When people say, when in defense of an actress, well she’s beautiful I always say, and?…so?.. I mean everyone’s beautiful to someone and its not a reason to be hired as an actress. I see English TV series where the actors look like most of the population and it adds to the realism they are going for, not taking away from it.

  6. Ann says:

    Homegirl should come do any regular job one day in her insanely privileged life. She could just answer phones for any office and realize how stupid she sounds. I’ve read plenty of nepotism beneficiaries talk like this and it always makes my eyes roll but this one is something. A family of doctors is an achievement that makes the world a better place, and she is… a Depp. Congrats.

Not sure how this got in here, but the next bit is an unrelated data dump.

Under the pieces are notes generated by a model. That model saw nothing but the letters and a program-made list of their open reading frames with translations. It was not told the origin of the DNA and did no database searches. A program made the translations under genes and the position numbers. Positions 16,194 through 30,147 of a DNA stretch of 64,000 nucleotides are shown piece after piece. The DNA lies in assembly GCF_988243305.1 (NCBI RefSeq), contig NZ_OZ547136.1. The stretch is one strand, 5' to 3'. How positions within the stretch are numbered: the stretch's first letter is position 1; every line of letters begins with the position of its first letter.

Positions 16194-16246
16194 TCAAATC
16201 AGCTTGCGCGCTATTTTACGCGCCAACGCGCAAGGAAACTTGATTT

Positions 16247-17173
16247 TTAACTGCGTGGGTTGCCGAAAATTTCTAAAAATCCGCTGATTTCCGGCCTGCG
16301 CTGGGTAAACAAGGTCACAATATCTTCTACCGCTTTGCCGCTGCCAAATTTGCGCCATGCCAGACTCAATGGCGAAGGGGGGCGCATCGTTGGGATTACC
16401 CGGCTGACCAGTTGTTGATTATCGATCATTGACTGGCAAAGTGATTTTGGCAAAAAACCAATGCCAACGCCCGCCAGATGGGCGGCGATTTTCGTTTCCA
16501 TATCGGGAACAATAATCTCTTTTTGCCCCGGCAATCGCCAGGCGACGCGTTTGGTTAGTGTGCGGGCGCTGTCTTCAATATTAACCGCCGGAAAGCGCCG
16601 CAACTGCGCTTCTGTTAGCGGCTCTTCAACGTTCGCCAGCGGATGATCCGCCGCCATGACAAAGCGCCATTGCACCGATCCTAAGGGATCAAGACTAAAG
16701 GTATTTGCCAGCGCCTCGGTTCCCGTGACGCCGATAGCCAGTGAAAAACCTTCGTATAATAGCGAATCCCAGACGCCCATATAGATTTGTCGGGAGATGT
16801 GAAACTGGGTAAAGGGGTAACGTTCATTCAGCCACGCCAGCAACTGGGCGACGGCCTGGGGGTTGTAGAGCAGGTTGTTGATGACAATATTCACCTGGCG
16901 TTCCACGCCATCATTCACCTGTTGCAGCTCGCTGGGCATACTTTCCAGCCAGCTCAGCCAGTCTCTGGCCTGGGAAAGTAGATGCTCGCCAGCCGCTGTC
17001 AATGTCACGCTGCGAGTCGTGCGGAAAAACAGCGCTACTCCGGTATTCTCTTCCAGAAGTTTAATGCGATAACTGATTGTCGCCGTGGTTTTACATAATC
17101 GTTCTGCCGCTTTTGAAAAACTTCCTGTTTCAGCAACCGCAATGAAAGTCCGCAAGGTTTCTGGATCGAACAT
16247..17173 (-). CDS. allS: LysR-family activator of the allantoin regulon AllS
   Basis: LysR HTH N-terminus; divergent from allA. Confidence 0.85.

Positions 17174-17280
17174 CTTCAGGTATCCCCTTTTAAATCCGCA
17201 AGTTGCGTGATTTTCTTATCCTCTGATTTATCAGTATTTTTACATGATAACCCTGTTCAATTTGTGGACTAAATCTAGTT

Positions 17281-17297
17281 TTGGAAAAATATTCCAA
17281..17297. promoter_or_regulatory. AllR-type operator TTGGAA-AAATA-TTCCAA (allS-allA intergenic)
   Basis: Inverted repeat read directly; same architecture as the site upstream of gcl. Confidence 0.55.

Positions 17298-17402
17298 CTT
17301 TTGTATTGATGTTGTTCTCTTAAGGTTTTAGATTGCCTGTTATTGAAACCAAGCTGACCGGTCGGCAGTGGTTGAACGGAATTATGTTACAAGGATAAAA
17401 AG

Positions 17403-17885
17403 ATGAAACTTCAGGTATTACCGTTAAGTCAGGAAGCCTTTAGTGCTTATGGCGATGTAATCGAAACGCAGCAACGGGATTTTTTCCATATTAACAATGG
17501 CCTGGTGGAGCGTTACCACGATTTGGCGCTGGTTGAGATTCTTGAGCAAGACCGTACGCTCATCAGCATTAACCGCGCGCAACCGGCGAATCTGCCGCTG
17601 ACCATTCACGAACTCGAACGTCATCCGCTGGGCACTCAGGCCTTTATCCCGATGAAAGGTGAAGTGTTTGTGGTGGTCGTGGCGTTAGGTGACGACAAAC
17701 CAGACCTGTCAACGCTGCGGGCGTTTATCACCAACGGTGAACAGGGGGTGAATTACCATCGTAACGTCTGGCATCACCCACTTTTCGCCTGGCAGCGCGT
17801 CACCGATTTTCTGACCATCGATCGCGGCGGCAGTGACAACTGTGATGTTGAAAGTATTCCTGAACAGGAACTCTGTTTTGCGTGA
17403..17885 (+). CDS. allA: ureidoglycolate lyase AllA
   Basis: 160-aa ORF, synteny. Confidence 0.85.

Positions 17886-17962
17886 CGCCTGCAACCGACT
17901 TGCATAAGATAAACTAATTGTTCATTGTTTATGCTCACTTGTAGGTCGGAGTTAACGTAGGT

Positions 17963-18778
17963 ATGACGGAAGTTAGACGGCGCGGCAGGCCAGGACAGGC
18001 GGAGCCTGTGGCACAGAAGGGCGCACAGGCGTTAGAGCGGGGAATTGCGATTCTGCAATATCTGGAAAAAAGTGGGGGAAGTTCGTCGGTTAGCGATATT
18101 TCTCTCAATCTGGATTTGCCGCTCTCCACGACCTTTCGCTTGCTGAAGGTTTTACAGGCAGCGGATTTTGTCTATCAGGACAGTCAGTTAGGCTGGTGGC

7. Stef says:

    Wow, straight out the gate and she’s clueless, out of touch, and comes across as an arrogant idiot.

    Honey, you’re a short woman who would NEVER get even a whiff of a chance to walk for Chanel without your famous parents. Without your parents, you’re nobody! She doesn’t even remotely acknowledge her privilege. Gross.

    Thats just my “secret garden of thoughts”…

  8. Amy Bee says:

    I don’t know why it’s so hard for these nepotism babies to just admit that they got a leg up.

    • Sue E Generis says:

      Because they don’t believe they have. Here’s the thing, The fish doesn’t know it’s swimming in the ocean.

  9. Coco says:

    This is the same person that said her her parents can you tell her to finish high school, she believes that she is a special snowflake. She is so far up her own butt that she can’t see the light of day.

  10. Lucía says:

    Her eyes are completely vacant. Not a lot seems to be going on inside her head either. She’s lucky she looks like both her parents. Well, she’s lucky about her entire life, really.

    • TarteAuCitron says: